Let the debt ceiling games begin!
On Sunday, the Treasury Department will once again be limited by law from adding any new borrowing to the national debt, setting the stage for a monthslong political battle between Democrats and Republicans over what conditions should be met before Congress allows the Treasury to borrow money for programs it has already authorized.
Republicans have in recent years used this quirk in U.S. fiscal procedures to demand spending cuts from Democrats in return for voting to authorize an increase in the debt ceiling.
House Democrats can win a vote to raise the limit on a party-line vote, but Senate Minority Leader Mitch McConnell has said he “can’t imagine” any Republican in the upper chamber voting for an increase, leaving Democrats 10 votes short of the 60-vote threshold they’d need to raise the ceiling under normal Senate rules.
But these aren’t normal circumstances. Democrats are already planning to use a parliamentary tactic known as budget reconciliation, which enables them to pass budget-related legislation with a simple majority vote in the Senate, for upwards of $3.5 trillion in public works and social spending, though there is no intraparty consensus over the ultimate size and scope of the package.
Henrietta Treyz, director of economic policy at Veda Partners, believes that the grave consequences of not raising the debt ceiling — that is, defaulting on U.S. debt or other obligations — could make an agreement on the reconciliation package more likely, because no Democrat, progressive or moderate, is going to allow a U.S. default, even if that means making unpalatable compromises on the spending bill.
“If Republicans do not want to provide the votes for a debt ceiling suspension or hike, then Democrats will have to take these votes on their own anyway,” she wrote in a recent note to clients. “Ironically, any Republican opposition to a debt ceiling hike would make it more urgent and indeed required, that Democrats…hike the debt ceiling via reconciliation authority.”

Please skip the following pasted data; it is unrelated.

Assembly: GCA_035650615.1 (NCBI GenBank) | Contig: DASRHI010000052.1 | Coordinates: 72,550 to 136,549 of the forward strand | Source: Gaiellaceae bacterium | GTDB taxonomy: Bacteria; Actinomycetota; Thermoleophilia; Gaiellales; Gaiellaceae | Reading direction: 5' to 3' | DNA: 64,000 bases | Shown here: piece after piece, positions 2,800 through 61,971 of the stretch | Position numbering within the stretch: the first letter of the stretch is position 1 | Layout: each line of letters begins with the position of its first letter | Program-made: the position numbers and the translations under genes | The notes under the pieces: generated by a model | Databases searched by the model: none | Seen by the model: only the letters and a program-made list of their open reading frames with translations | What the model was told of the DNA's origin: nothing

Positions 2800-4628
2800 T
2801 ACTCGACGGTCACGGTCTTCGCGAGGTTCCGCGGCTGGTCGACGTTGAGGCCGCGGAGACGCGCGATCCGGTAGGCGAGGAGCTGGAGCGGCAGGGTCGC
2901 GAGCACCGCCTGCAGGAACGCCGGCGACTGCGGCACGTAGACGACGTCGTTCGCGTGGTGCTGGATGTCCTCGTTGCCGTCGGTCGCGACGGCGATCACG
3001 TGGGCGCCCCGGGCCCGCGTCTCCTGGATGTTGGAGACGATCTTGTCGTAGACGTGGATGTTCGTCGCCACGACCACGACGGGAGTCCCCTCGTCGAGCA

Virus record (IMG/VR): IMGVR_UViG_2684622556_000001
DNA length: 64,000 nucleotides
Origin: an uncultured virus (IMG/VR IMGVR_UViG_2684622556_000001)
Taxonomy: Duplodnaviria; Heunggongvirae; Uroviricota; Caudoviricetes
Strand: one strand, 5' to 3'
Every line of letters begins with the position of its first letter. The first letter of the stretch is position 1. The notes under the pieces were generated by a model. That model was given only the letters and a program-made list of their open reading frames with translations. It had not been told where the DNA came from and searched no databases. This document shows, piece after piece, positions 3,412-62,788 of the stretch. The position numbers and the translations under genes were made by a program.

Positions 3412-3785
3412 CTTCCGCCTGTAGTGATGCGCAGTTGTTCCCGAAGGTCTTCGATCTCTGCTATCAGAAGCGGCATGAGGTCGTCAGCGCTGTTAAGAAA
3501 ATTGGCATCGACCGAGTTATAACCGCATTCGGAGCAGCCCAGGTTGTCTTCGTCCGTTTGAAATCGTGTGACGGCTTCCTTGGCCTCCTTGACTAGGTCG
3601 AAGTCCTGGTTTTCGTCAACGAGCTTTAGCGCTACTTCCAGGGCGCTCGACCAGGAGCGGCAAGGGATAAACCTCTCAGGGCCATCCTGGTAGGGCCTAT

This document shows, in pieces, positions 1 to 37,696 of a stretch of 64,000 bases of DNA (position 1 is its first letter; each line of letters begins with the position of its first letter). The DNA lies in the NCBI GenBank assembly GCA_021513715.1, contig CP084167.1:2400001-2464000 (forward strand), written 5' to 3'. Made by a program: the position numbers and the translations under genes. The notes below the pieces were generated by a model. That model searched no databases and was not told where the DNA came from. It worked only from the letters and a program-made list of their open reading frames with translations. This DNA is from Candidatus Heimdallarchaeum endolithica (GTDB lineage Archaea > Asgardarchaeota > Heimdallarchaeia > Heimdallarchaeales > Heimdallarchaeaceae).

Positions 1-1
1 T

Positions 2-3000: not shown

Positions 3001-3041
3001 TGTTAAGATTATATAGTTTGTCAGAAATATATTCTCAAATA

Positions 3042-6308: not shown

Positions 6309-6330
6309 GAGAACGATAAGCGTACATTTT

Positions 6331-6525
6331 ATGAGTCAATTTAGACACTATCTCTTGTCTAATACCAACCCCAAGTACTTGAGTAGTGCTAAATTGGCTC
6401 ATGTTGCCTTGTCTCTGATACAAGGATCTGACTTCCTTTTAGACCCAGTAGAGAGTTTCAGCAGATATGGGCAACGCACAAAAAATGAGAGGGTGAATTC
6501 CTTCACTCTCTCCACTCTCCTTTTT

Timing is an issue for Democrats if they want to combine a debt ceiling increase with their party-line spending bill, given that the Congressional Budget Office has estimated that the Treasury will run out of cash in November at the latest.
“It seems unlikely that Democrats will have resolved their internal differences regarding their $3.5 trillion budget proposal before [that time], which means they would have to hold a separate budget reconciliation vote just to raise the debt ceiling,” wrote Stephen Pavlick of Renaissance Macro Research in a Friday note to clients. Whether or not the Senate parliamentarian would allow Democrats to proceed with two seperate reconciliation votes remains to be seen, added Pavlick, who served as a Treasury official during the Trump administration.
Perhaps the likeliest path toward a debt-ceiling increase would be to include it in a vote on a continuing budget resolution that would need to be passed by September 30th in order to avoid a government shutdown.
“We don’t believe McConnell is really going to hold the full faith and credit of the United States hostage over a debt ceiling vote, nor is he likely interested in another government shutdown,” wrote analysts at Beacon Policy Advisors in a recent note.
They argued that “the final question” is what sort of face-saving measures Democrats could offer Republicans to vote for a ceiling increase, suggesting one option would be to consider bipartisan legislation introduced by Utah Republican Sen. Mitt Romney to set up bipartisan commissions to study “endangered trust funds” like Social Security.
Though such commissions rarely amount to legislation that could pass with 60 votes in the Senate, Republicans could claim a win in the direction of controlling future entitlement spending.
Equity markets typically have confidence that Congress and the White House will reach deals to avoid government shutdowns and defaults on debt. The inability for the Treasury to issue new debt, however, will likely drive up bond prices
and drive down interest rates, according to a Thursday note by Kevin Nicholson, co-head of the investment committee at RiverFront Investment Group.
Most of all Congress will want to avoid a repeat of 2011, when a debt-ceiling standoff between a Republican-controlled House and the Obama White House led to severe market volatility and S&P Global Ratings to downgrade U.S. sovereign debt. As the threat of default loomed, the S&P 500
began tumbling, falling nearly 20% between July and October of that year.